As they grow up, children begin modeling their lives based on parental influence and lean toward their parents’ religious beliefs, political ideologies and behavior. This parent-child link also follows students into college. Whether we choose to admit it or not, our parents have greater influence on our majors than we think.
The University of Georgia is considered a “public Ivy” according to Education Quest. While the University claims on its admission page to not consider parental educational history when admitting students, one must wonder if the claim is supported considering statistics from Harvard, Columbia and other prestigious schools.
Harvard’s class of 2021 survey shows that 17.5 percent of incoming students were legacies. Data from Naviance, a tool used to educate 40 percent of high school students, shows the Ivy League acceptance rate for legacy applications are 31 percent higher than non-legacy students, suggesting a correlation between admittance and alumni child status, according to Inside Higher Ed. For a school with such a competitive admissions rate, legacy shows the value of parental lineage.
Although being a legacy doesn’t guarantee admission or perks for attending, universities value legacy status for monetary donations and community-building, according to the National Bureau of Economic Research.
The socio-economic conditions parents provide a student also factor into major choice. Students from a lower socio-economic status tend to choose more lucrative majors, such as computer science, mathematics, physics or chemistry, according to a study conducted by The Atlantic.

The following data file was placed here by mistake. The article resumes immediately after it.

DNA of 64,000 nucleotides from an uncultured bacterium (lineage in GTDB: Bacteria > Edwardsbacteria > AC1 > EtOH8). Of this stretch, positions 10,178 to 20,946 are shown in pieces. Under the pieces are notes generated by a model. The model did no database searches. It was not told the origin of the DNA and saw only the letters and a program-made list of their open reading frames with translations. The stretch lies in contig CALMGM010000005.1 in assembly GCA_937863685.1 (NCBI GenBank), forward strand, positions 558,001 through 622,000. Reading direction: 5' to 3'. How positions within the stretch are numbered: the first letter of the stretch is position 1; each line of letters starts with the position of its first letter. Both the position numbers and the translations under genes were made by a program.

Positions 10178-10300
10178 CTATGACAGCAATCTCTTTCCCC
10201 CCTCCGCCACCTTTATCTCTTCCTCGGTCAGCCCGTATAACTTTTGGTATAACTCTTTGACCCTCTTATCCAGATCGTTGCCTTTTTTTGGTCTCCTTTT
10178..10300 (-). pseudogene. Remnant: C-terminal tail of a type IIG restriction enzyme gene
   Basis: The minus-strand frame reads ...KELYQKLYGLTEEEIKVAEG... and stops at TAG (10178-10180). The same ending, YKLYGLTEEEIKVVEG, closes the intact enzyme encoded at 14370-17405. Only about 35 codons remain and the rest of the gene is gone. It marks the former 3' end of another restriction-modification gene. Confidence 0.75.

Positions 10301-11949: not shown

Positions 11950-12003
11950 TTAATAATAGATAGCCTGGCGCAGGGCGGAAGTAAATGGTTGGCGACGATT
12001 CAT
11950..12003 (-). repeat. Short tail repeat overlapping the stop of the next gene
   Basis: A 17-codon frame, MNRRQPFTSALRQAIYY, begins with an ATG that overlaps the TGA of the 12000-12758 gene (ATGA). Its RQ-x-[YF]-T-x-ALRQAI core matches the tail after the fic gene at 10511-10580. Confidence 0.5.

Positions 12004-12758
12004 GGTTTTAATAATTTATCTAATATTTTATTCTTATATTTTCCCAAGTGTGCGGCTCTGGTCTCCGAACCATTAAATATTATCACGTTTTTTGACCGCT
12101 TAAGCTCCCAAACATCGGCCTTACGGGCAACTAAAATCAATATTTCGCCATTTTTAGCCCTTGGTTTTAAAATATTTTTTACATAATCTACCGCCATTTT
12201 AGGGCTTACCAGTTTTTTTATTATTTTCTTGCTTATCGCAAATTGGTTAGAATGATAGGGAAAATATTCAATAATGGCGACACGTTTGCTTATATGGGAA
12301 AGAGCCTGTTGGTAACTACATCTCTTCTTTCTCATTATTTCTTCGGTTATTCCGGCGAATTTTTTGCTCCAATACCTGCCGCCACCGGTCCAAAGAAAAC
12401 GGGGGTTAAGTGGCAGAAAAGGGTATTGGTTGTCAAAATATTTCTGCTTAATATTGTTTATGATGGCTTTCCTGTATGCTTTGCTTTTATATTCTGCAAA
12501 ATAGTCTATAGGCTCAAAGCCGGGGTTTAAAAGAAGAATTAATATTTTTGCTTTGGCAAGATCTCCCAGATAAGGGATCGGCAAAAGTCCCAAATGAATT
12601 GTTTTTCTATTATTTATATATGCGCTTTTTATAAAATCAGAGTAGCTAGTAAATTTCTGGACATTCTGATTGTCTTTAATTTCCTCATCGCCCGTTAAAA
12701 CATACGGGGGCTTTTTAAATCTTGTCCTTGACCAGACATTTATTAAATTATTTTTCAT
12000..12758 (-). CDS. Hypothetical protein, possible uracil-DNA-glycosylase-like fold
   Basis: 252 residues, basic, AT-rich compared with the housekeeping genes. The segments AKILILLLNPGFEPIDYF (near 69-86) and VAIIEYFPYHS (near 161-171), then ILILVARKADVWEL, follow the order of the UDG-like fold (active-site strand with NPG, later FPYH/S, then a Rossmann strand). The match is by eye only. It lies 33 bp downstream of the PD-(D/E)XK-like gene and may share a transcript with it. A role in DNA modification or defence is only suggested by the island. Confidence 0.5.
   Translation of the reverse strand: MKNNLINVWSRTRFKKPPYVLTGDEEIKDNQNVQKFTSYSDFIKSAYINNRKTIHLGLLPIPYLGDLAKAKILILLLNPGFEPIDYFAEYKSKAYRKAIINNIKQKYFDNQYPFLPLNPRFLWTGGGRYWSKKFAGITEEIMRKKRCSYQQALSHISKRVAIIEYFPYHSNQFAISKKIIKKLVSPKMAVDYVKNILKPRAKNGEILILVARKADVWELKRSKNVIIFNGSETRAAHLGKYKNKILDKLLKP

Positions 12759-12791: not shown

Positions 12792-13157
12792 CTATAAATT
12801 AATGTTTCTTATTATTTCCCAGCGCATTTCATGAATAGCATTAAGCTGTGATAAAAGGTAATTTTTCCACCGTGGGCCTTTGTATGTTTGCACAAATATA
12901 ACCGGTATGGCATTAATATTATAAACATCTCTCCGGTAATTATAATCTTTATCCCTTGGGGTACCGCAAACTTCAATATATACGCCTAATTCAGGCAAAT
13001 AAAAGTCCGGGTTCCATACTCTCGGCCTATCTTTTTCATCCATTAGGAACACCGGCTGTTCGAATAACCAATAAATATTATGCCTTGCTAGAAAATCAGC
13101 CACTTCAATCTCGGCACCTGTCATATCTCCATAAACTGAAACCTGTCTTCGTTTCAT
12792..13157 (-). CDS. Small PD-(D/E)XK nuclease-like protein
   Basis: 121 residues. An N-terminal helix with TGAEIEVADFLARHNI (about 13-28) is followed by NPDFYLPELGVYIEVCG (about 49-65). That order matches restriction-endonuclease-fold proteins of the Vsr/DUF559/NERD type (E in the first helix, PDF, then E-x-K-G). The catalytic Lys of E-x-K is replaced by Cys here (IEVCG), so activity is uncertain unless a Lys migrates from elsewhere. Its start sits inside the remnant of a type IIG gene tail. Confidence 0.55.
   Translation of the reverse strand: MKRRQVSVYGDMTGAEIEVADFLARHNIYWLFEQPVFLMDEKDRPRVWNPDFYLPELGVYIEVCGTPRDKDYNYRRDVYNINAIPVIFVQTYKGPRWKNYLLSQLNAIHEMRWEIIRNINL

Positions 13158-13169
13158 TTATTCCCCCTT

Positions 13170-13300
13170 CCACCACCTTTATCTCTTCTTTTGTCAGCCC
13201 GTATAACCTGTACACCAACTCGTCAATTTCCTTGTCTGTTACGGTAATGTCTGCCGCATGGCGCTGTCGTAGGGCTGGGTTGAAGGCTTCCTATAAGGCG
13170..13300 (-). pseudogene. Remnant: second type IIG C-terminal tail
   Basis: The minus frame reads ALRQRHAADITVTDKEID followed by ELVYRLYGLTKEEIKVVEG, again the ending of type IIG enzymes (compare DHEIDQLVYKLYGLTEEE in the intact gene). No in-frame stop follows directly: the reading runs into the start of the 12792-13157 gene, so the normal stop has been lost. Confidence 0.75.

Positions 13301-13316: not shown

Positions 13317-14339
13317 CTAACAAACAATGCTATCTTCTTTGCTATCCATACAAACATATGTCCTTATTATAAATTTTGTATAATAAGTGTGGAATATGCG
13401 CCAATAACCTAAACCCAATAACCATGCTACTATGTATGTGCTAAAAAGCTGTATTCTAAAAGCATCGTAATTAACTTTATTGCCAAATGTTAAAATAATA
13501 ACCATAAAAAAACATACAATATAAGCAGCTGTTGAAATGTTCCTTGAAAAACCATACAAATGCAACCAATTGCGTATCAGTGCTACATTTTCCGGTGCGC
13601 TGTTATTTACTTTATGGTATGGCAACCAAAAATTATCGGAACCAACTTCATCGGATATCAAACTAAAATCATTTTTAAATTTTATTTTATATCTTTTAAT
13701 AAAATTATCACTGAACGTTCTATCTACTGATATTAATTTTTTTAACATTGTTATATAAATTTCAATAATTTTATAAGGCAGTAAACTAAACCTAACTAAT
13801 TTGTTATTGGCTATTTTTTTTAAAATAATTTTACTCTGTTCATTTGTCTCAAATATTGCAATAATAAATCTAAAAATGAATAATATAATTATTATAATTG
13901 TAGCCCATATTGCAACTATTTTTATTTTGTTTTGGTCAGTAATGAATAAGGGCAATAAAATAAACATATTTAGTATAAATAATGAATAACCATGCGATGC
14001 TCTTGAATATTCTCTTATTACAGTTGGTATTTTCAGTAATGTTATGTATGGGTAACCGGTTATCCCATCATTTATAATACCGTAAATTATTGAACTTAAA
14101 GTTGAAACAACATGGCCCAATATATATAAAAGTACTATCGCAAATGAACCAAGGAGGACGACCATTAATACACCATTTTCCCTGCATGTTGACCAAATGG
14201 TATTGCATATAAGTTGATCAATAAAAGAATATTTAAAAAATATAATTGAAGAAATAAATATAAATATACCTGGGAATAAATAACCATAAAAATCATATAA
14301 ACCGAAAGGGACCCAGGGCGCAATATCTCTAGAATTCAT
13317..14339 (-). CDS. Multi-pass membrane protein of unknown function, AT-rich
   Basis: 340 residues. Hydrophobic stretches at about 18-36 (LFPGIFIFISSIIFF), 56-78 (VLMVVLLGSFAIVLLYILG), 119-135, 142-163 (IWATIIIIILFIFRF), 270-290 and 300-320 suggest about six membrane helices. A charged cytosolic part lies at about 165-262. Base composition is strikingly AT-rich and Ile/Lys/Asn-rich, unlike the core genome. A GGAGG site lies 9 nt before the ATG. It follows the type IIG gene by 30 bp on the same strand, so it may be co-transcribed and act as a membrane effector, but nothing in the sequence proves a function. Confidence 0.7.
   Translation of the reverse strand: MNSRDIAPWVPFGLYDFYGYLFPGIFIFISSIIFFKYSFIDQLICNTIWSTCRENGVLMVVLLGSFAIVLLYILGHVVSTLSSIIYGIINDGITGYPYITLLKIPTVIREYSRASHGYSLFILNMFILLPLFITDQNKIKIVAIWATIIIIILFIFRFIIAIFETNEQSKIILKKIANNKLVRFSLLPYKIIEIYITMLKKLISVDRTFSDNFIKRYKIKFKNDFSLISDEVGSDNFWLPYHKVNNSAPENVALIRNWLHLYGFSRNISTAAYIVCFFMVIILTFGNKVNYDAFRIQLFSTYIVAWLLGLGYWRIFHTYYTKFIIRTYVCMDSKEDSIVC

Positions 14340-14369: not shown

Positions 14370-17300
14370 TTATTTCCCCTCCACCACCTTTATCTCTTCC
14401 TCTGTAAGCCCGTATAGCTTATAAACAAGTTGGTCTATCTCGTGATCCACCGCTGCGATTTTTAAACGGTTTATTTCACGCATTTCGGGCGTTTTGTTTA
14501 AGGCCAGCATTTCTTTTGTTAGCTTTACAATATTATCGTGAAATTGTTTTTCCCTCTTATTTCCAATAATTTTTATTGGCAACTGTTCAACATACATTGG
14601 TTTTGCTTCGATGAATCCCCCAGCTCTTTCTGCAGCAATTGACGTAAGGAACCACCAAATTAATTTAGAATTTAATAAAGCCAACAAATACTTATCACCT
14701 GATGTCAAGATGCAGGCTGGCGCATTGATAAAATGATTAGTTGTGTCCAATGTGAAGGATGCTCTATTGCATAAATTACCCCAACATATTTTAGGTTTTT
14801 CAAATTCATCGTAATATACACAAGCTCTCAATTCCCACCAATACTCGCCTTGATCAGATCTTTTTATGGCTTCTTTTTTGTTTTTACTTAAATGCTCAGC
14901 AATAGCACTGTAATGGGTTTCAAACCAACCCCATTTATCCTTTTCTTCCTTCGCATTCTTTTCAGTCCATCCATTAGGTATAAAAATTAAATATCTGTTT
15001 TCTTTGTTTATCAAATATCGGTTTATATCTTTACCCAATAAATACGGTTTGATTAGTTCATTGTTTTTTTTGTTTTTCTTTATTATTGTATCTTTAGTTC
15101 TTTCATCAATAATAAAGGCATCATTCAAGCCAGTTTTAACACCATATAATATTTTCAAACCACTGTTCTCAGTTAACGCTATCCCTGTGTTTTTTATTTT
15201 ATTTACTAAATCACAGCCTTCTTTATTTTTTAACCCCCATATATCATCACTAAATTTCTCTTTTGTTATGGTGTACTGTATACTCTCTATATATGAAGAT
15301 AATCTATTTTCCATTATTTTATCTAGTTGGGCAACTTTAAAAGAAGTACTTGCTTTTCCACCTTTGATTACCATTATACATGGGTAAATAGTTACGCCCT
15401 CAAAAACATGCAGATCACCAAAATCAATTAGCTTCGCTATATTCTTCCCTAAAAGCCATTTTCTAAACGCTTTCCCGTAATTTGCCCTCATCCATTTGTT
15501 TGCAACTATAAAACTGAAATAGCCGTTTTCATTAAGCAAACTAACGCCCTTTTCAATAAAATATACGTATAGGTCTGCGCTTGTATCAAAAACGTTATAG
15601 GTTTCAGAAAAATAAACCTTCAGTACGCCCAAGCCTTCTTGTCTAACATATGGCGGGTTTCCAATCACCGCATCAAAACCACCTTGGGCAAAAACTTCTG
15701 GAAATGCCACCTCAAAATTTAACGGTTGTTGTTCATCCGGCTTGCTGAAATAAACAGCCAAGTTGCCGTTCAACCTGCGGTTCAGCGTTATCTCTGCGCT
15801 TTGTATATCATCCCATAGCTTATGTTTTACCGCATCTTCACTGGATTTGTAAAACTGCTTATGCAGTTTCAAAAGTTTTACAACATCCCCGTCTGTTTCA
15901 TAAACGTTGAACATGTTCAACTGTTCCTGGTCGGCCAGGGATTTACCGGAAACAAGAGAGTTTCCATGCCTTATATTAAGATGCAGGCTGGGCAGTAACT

Students from higher-income families, on the other hand, choose less vocational majors such as performing arts, history and English. Should students choose a lucrative major, children from higher income families are more likely to end up in well paying positions, according to the National Bureau of Economic Research.
A research article from the College Student Journal indicated several students see their parents as positive influences on their majors. In a time of uncertainty about the future, parents can help students weigh their options and make educated choices. The pressured students typically have parents covering their education expenses for them and feel more obligated to take their benefactors’ advice.
Many grew up hearing their parents’ stories about their careers and develop an interest in their parents’ professions. Katelyn Berger, a sophomore early childhood education major, follows in her mother’s footsteps of becoming an elementary school teacher.
“I chose early childhood education because I grew up seeing my mom interact with and help her students,” Berger said, “I realized that it’s such a fulfilling career, and I can see myself truly enjoying it like her as well.”
Parents have the potential to provide better advice than anyone else. Most have been there to see their children grow up and face triumphs and adversities. For parents who are footing the bill for their child’s college education, they should be allowed to have a say in their investment.
In general, parents can provide wisdom and opportunities in a college student’s major choice and career path. Following their expertise can help students find a fulfilling and profitable career and provide well-needed guidance for the first steps of adulthood. Afterall, our parents are our greatest teachers.